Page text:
How has this new method been received in the Muslim world?

There are many Muslim participants, of various kinds and nationalities, and several leading Muslims have given it their blessing. There are, of course, varied ways of interpreting the Qur’an, and there is not one Islamic approach to or relationship to Scriptures. For some, the Qur’an on its own is the thing — analogous, perhaps, to some Protestants. For others, reception of the Qur’an is always mediated by an authoritative tradition of commentary — analogous, perhaps, to some Catholics. Differences between participants from the 'same' tradition are often as deep and as telling as differences between traditions.

Can you describe a few of things that have come out of this endeavour already?

There have been many conversations among Jews, Christians and Muslims; many friendships; academic courses, books, articles, web materials and a journal; educational resources for schools; contributions to the process emerging from the 2007 Muslim letter to Christian leaders A Common Word Between Us and You (; study sessions at international inter-faith conferences; conference sessions at the American Academy of Religion; the Cambridge Inter-faith Programme, which I direct, would not have begun without SR; and a great deal else.

In your opinion, what is the critical issue when considering inter-faith dialogue and inter-faith understanding?

Overall the core issue is whether we can go deeper into our own and others’ faiths and also into the common good. Specific issues vary from context to context. The inter-faith relations we in the Cambridge Inter-faith Programme are interested in are not the relations between one religion regarded as a simple monolith and another regarded as a simple monolith, but hugely complex and various local engagements and encounters between traditions, each of which is itself a complex and evolving mix. The best way to discover the critical issues is to delve into particular local contexts with participants in those contexts, and to see what comes up, what is at stake. SR is, in effect, one diagnostic tool for doing just that — as well as a tool for exploring those issues once they have been identified.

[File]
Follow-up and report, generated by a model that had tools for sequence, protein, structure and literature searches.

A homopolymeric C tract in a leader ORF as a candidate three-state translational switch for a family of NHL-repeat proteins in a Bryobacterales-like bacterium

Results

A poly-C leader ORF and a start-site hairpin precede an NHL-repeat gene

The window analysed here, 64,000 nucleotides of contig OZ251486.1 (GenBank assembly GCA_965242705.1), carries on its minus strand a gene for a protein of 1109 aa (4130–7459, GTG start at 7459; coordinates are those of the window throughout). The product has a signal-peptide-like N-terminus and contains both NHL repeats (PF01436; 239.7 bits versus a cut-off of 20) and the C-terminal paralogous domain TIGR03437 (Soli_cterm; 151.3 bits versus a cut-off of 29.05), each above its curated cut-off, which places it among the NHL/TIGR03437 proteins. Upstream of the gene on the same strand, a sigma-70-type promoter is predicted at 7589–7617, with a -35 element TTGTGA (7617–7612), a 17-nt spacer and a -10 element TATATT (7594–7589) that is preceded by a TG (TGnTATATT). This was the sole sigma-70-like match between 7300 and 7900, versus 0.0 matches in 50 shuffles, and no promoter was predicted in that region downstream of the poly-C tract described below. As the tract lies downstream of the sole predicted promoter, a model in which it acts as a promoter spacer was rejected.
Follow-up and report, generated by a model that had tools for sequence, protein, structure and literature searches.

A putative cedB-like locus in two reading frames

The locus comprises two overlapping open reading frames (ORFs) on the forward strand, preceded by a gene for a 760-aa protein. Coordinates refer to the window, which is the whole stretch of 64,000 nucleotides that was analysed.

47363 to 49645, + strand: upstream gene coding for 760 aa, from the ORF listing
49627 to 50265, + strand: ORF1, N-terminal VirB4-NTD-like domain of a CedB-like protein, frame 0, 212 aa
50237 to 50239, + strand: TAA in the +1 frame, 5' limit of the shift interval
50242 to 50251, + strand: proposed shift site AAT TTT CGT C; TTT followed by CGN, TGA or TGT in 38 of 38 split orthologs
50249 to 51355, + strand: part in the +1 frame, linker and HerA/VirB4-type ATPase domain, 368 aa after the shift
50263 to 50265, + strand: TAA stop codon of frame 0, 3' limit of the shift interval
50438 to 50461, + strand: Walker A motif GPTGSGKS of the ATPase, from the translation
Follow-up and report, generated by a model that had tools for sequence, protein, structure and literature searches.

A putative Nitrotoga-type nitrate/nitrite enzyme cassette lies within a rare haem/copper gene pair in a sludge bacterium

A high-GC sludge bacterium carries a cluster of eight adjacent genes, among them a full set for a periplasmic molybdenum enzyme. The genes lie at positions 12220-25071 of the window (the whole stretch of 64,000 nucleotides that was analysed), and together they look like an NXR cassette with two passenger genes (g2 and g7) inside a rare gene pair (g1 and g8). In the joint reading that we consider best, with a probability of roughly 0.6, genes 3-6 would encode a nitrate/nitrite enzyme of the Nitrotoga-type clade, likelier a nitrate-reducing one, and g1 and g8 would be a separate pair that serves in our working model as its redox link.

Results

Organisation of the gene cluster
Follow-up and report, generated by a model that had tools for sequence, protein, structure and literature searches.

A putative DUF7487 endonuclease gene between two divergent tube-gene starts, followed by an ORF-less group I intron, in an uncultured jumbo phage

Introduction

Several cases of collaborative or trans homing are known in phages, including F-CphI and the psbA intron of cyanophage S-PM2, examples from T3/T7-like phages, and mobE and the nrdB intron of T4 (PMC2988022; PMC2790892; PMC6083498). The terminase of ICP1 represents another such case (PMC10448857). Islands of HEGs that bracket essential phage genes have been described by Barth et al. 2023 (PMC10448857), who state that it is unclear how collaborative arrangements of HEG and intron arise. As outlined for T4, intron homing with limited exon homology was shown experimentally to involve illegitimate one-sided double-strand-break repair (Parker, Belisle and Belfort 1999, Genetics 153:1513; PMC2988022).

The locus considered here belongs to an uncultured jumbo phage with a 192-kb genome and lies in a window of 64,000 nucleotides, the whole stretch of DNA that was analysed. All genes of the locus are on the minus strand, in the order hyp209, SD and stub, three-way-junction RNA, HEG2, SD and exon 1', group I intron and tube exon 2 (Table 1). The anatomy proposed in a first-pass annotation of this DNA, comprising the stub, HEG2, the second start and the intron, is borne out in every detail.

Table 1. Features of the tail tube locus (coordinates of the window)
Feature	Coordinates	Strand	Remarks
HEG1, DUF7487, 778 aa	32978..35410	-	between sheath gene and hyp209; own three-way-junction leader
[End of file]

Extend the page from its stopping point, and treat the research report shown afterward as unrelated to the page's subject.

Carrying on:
Will issues in ethics be an obstacle?

No — this is a method aimed at allowing for disagreement — indeed you could say that one of its main tasks is improving the quality of our disagreements. It is often most illuminating to discuss ethical issues through the lens of scriptures — one of the most fruitful series of sessions I have participated in was on wealth, poverty and debt, which generated a vast variety of readings.

Is it better to focus on what believers in different faiths have in common or what divides them?

It is of course welcome to find things on which there is agreement or convergence, but I have learned to be wary of claims to find a great deal of common ground. It often breaks up under pressure. I have learned to value Scriptural Reasoning as a way of exploring differences without any pressure to resolve them. Strange to say, respect and friendship can happen without agreement. So I prefer to talk of ‘mutual’ or ‘shared’ rather than ‘common’ ground.

As ecumenical relations: hundreds of former Anglicans are entering into the Roman Catholic Church in Holy Week this year. What is the feeling inside the Anglican Community and what is your own about that? And more generally about the effect “Anglicanorum Coetibus” will have on Anglican-Catholic relations?

This is one further event in a history of transfers from the Anglican to the Roman Catholic Church and vice versa. On the core issue of women priests and bishops I do not see any valid theological objection to them and consider their presence in the Anglican Church as a good thing. As regards Anglican-Catholic relations, I do not see this having much effect on the generally good relations worldwide. But I do long for more contexts in which I as an Anglican can go deeper into matters of faith with Catholics, and I now find this most frequently in inter-faith situations. It is strange but true that studying the Bible with Muslims and Jews can be a great help to relations among Christians. An exciting possibility has recently opened up by the initiative of some Benedictine sisters who are exploring the potential of lectio divina in Scriptural Reasoning.

How do you see the future of the Anglican Communion, considering the differences we find between traditionalist and liberal Anglicans?

I do not think the issues that are so contentious in the Anglican Communion ought to be church-dividing, and I know many places where they are not. There are many Anglicans such as myself who would identify neither with the ‘traditionalist’ nor the ‘liberal’ label I like the phrase used by my ‘postliberal’ teacher, Hans Frei: ‘generous orthodoxy’. I hope we might be able to learn a ‘wisdom of difference’ appropriate to our tradition, just as I find Scriptural Reasoning at its best enables a wisdom of difference appropriate to Jews, Christians and Muslims.




St. Peter’s Square

Oct. 19, 2019